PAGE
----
Weekly IRS Roundup March 30 – April 3, 2020

By on April 7, 2020

Presented below is our summary of significant Internal Revenue Service (IRS) guidance and relevant tax matters for the week of March 30 – April 3, 2020. Additionally, for continuing updates on the tax impact of COVID-19, please visit our resource page here.

March 30, 2020: Economic impact payments will be sent out over the next three weeks. These payments will be distributed automatically, with no action needed by most people. However, some taxpayers who typically do not file returns will need to submit a simple tax return to receive the economic impact payment. The Treasury Department plans to develop a web-based portal for individuals to provide their banking information to the IRS for direct deposit of the economic impact payments.

March 31, 2020: The Treasury Department and the Internal Revenue Service launched the Employee Retention Credit to encourage businesses financially impacted by COVID-19 to keep employees on their payroll. The refundable tax credit is 50 percent of qualifying wages of up to $10,000 paid by an eligible employer. The credit is available to all employers regardless of size, including tax-exempt organizations, with two exceptions: state and local governments and their instrumentalities and small businesses who take small business loans.

April 1, 2020: The IRS issued corrections to T.D. 9889, which contains final regulations governing the extent to which taxpayers may elect the federal income tax benefits with respect to certain equity interests in a qualified opportunity fund. Such regulations, issued on January 13, 2020, contained errors that may be misleading to taxpayers. These corrections are effective as of April 1, 2020, applicable as of January 13, 2020, and will be published to the Federal Register on April 6, 2020.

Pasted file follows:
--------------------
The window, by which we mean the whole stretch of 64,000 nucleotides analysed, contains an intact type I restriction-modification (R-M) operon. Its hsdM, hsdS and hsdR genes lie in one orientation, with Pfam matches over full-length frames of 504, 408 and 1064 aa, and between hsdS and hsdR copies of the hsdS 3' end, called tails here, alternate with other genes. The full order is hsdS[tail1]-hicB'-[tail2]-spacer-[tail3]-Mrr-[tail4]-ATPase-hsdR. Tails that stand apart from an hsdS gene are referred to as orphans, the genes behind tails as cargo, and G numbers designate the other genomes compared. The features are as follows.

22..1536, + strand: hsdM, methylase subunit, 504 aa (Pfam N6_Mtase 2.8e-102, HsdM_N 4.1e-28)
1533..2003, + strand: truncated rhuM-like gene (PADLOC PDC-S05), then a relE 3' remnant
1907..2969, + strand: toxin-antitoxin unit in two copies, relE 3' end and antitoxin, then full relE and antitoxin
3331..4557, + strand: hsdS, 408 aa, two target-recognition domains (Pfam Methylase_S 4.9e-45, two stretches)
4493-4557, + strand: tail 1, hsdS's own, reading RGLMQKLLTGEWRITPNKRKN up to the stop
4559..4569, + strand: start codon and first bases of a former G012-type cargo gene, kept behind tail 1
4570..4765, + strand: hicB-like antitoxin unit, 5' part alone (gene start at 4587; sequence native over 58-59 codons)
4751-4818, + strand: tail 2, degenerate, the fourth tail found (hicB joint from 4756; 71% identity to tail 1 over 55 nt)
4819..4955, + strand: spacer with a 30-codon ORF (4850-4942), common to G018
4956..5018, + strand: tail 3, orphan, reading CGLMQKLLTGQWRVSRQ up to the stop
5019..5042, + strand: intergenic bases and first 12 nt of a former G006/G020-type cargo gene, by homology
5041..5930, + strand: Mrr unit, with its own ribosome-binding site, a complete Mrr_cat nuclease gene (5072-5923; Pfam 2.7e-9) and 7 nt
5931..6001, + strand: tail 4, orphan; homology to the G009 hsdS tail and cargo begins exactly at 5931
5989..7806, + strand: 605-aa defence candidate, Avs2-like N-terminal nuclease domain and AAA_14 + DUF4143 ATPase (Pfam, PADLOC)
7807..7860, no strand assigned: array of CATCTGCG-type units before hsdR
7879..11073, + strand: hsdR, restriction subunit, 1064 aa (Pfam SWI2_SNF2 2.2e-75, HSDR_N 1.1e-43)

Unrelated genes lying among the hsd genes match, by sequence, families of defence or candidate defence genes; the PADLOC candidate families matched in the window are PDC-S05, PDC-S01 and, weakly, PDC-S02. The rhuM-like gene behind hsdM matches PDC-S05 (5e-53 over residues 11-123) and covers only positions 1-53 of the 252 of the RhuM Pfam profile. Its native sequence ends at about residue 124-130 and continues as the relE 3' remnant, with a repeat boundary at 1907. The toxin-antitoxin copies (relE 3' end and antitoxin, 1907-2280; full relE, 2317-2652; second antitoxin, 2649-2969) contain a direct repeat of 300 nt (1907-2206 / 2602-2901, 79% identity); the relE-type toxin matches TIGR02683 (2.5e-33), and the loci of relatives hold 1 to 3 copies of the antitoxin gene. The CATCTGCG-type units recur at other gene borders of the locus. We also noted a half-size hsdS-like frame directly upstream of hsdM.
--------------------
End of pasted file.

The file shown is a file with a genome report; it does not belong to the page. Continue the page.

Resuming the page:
April 1, 2020: The Treasury Department and the IRS announced that Social Security beneficiaries who are not typically required to file tax returns will not need to file an abbreviated tax return to receive an Economic Impact Payment (“EIP”). The IRS will use the information on Form SSA-1099 and Form RRB-1099 to generate $1,200 EIPs for those who did not file tax returns in 2018 or 2019. Recipients will receive the EIP as a direct deposit or by paper check, just as they would normally receive their benefits.

April 2, 2020: The IRS issued a warning about COVID-19 related scams. The IRS reiterated that the IRS will not to call you to verify or provide your financial information so you can get an EIP or your refund faster. Taxpayers should also be on the lookout for emails, text messages, websites and social media messages that request money or personal information. Scammers may emphasize the words “stimulus check” or “stimulus payment.” The official term is “economic impact payment.

April 3, 2020: The IRS released its weekly list of written determinations (e.g., Private Letter Rulings, Technical Advice Memorandums and Chief Counsel Advice).

Special thanks to Emily Mussio in our Chicago office for this week’s roundup.

AvatarMcDermott Will & Emery
McDermott Will & Emery partners with leaders around the world to fuel missions, knock down barriers and shape markets. Our team works seamlessly across practices, industries and more than 20 locations to deliver highly effective—and often unexpected—solutions that propel success. More than 1,200 lawyers strong, we bring our personal passion and legal prowess to bear in every matter for our clients and the people they serve.

STAY CONNECTED

TOPICS

ARCHIVES